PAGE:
Why Aren’t Teams Hiring Ticket Brokers?
Yesterday, I had a fascinating lunch debate session in Davis, Calfornia with Fair Ticket Solutions / authenTICKET’s Alan Gelfand about the secondary market. Gelfand was stopping by, on his way to chat up verification systems with teams, and gave me his thoughts on the secondary. Gelfand has been more than just some crazy Canadian with a few ideas on establishing a “check-in” authentication system for tickets, he’s also a pretty effective hustler. I respect that.
I’ve seen him at a lot of events. Gelfand was in Las Vegas last year during the World Ticket Conference (NATB’s event) & Ticket Summit (Ticket Network’s event). It was not lost on either of us that ticket brokers had two conferences, at the same time, in the same city, literally down the street from each other in competing casinos. That’s a stark indication of how fiercely independent ticket brokers are and can be. And that’s why I was skeptical of Gelfand’s position on the secondary market.
Over Gelfand’s Iced Tea and my Arnold Palmer (not a John Daly, I swear), we both went back and forth on the secondary market.
Gelfand’s argument: the secondary market needs regulation to ensure that people don’t get screwed by counterfeiting.
My argument: If a person can buy a product at a dynamic “demand price” on the primary and yet still turn it around, selling it for 3-times its value, then that person is a genius. Only in sports sales do franchise executives refer to that type of person in detestable terms.
And there-in lies my question, that no one asks, but I’ll ask here: If ticket brokers are able to do what franchise executives cannot with a ticket product, why aren’t franchises hiring ticket brokers to move their tickets?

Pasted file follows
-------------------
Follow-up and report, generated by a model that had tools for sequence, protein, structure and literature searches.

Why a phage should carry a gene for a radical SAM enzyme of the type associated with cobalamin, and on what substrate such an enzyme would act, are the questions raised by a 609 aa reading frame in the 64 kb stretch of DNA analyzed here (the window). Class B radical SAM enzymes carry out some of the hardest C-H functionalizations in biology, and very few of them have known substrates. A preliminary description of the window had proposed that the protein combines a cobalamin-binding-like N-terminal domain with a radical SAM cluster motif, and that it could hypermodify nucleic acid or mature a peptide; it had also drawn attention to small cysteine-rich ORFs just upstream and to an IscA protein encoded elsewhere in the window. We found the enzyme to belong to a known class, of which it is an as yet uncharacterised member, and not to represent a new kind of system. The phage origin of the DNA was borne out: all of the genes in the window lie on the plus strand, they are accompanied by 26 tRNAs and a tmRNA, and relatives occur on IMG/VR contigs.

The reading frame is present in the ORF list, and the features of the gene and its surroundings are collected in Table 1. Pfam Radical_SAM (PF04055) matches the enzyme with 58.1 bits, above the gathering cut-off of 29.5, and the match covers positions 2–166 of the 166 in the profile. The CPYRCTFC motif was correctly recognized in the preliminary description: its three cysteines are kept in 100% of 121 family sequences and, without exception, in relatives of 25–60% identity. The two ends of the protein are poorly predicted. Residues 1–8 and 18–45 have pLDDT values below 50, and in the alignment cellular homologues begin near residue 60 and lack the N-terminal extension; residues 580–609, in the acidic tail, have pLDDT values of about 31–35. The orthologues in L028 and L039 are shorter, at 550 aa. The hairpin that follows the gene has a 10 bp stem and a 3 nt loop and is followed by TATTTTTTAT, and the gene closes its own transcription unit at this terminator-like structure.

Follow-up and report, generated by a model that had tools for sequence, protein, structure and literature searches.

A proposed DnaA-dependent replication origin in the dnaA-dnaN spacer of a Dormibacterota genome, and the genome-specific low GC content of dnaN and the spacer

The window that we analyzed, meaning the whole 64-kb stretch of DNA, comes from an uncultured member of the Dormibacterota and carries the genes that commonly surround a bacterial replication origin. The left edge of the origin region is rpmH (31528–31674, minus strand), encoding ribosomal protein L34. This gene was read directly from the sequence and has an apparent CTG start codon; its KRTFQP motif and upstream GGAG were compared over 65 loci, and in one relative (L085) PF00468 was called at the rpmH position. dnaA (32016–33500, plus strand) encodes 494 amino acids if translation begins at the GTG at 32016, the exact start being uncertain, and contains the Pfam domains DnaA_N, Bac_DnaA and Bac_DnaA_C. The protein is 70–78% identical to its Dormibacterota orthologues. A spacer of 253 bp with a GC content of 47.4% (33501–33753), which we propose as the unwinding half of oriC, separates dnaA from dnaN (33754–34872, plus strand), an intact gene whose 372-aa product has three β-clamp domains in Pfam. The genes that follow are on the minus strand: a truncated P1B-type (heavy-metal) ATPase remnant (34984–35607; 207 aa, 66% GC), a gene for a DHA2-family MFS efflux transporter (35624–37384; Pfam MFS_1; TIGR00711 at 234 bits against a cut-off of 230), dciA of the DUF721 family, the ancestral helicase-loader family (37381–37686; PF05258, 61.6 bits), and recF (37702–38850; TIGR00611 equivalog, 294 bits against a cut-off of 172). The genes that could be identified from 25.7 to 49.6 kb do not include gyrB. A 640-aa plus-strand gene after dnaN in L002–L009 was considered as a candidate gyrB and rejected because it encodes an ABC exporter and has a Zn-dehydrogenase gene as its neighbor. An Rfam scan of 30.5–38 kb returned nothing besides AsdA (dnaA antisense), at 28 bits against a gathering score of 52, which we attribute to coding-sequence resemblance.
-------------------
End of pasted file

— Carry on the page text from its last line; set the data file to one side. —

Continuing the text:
This goes beyond selling each ticket for a higher price. Ticket brokers don’t have an army of inside sales staffs to call each customer and develop a relationship. The majority of the sales are transacted on a digital scale, and with a cunning precision.
And sports franchises as well as their executives are continually beat out at getting this data and push digital sales, let alone understand how to utilize it.
Somehow, ticket brokers can afford $2,500 to pay for Google advertising each, beating out the New Orleans Saints who refuse or neglect to pay anything for the same advertising online, a franchise worth half a billion, then don’t the ticket brokers kinda win out by default? If there are people innovating with your product, and reselling it for higher, shouldn’t you be aiming to hire them? Apparently, not in sports sales.
Why exactly aren’t those brokers being paid big bucks to come over to the franchise and sell? Especially if it means working smarter, not harder, in order to move tickets.
There should be a bidding war for brokers as franchise team members. Yet, teams will continually hire more inside sales, group and season ticket reps. All to avoid allowing brokers a seat at the table.
It’s like its 2007, and franchises are treated social media experts like scourges of the earth, rather than saviors. When the business model starts moving past the industry’s current practices, it is time for a reset. It is time for the industry, as a whole, to recognize what they are doing wrong, and correct it.
If brokers have done something that current franchise executives cannot, why exactly are people fighting them? Hire them away from their companies, give them jobs within the franchise, and have them sell for you. They apparently know the sports sales game better than their franchise counterparts when it comes to online. So why not access that?
This seems lost on me. Maybe ticket brokers don’t understand the sports sales culture. Maybe they haven’t sat for hours, making rebuttals to some poor sap who answers the phone on a Tuesday night. But that might possibly be a good thing. Because ticket brokers certainly understand online, a sales traffic agent that sports sales as a whole cannot seem to grasp. Most of them have a skeletal sales team, yet can generate thousands of leads, along with hundreds of sales.
That’s why I’ve enjoyed my meetings with Gelfand. Even if he disagrees with me on some fronts, he’s on board with the idea that the way revenue is created by sports franchises has to change. Especially in how ticket sales and delivery occurs. I’m still wondering if franchise executive are reading this and thinking, or if they are thinking about the next 10 ways to build a larger inside sales staff. Having 10,000 more phone calls won’t show the results.